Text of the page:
The sons of the prophets who had come from Jericho recognised immediately that the spirit of Elijah was resting on Elisha, and they bowed to him (v.15). However, they showed a woeful lack of discernment by asking Elisha to let 50 strong men of the sons of the prophets go and search for Elijah in case the Spirit of the Lord had dropped him somewhere! Why did they not stop to think that since the Spirit of God was upon Elisha, Elisha could find out simply enough if Elijah was on earth. Their words lacked any thought of direction from God. But they had told Elisha the Lord would take Elijah away. Where was the faith to believe what they had said? If we speak messages for God, let it be with the firm conviction that God has spoken.
Elisha told them not to send anyone. Yet they foolishly urged him to allow them to go. So he gave them their way (v.17), as God sometimes does in order that people may learn by experience what they ought to learn by His Word. They therefore wasted three days in their fruitless search, so that then Elisha reminds them of their folly in not accepting his word to begin with (v.18).
MIRACLES OF GRACE AND OF JUDGMENT
Though Jericho was the city God had cursed (Joshua 6:17) and the men of the men of the city tell Elisha the water is bad and the ground barren (v.19), yet Since Elisha is a type of Christ, he brings the grace that can overcome the curse. He asked for a new bowl requiring that salt be put into it. The new bowl speaks of new creation setting the old aside. The salt pictures righteousness in contrast to the unrighteousness that had incurred the curse of Jericho. Elisha threw the salt into the source of the water and the water was healed. Besides this the Lord said there would be no more barrenness. This miracle is typical of the coming millennial age, when the Lord will heal the land of Israel, to be a land fit for a renewed people. Thus, the first of Elisha's miracles is one of grace.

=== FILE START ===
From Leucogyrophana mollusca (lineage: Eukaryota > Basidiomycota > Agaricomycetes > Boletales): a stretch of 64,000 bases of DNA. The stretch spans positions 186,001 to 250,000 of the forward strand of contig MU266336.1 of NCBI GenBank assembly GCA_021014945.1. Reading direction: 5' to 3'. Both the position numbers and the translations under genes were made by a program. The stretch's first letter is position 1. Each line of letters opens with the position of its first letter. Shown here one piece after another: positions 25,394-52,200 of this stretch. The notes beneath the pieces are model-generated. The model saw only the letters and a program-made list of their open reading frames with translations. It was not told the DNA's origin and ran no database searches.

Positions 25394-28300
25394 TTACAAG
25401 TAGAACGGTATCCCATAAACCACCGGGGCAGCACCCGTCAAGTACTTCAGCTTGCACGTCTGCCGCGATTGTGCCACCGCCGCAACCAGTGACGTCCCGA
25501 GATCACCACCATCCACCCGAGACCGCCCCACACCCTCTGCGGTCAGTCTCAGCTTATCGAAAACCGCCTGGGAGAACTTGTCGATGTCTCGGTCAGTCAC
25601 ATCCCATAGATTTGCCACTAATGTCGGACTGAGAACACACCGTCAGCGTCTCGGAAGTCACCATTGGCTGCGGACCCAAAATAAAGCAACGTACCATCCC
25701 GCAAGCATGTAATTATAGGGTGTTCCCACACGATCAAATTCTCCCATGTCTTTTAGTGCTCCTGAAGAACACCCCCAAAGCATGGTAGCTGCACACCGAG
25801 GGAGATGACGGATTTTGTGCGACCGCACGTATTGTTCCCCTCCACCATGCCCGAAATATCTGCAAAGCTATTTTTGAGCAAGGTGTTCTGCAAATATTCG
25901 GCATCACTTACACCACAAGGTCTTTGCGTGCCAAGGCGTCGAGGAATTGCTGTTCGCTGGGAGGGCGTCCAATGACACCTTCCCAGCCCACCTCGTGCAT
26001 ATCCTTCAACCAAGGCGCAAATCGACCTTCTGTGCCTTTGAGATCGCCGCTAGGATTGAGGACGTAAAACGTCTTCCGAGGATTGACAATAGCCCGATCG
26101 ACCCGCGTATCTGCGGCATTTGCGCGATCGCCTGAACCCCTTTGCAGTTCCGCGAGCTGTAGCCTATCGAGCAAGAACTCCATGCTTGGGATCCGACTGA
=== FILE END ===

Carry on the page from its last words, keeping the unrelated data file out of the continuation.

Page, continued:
However, grace does not ignore righteousness. As Elisha left Jericho to go co Bethel, some youths of the city, who had no doubt heard of the translation of Elijah, but were sceptics, accosted him with taunting words, "Go up, you baldhead!" (v.23). This was plain mockery of the fact of Elijah's translation, just as today there are those who make a mockery of the resurrection and ascension of the Lord Jesus. This is one evil that God will not tolerate. Elisha was no weakling. He turned and pronounced a curse on these youths in the name of the Lord. They would hardly be prepared for having two female bears come out of the woods to maul 42 of them! Whether any of them were killed we are not told, but if not killed they would not forget a lesson like that!
Thus, the first two miracles of Elisha illustrate the double portion of Elijah's spirit, showing the ministry of grace and the ministry of righteous government, which are not contrary to one another, but rather complementary of each other.
These files are public domain.
Text Courtesy of BibleSupport.com. Used by Permission.
Grant, L. M. "Commentary on 2 Kings 2". Grant's Commentary on the Bible. https://www.studylight.org/
the Third Week after Epiphany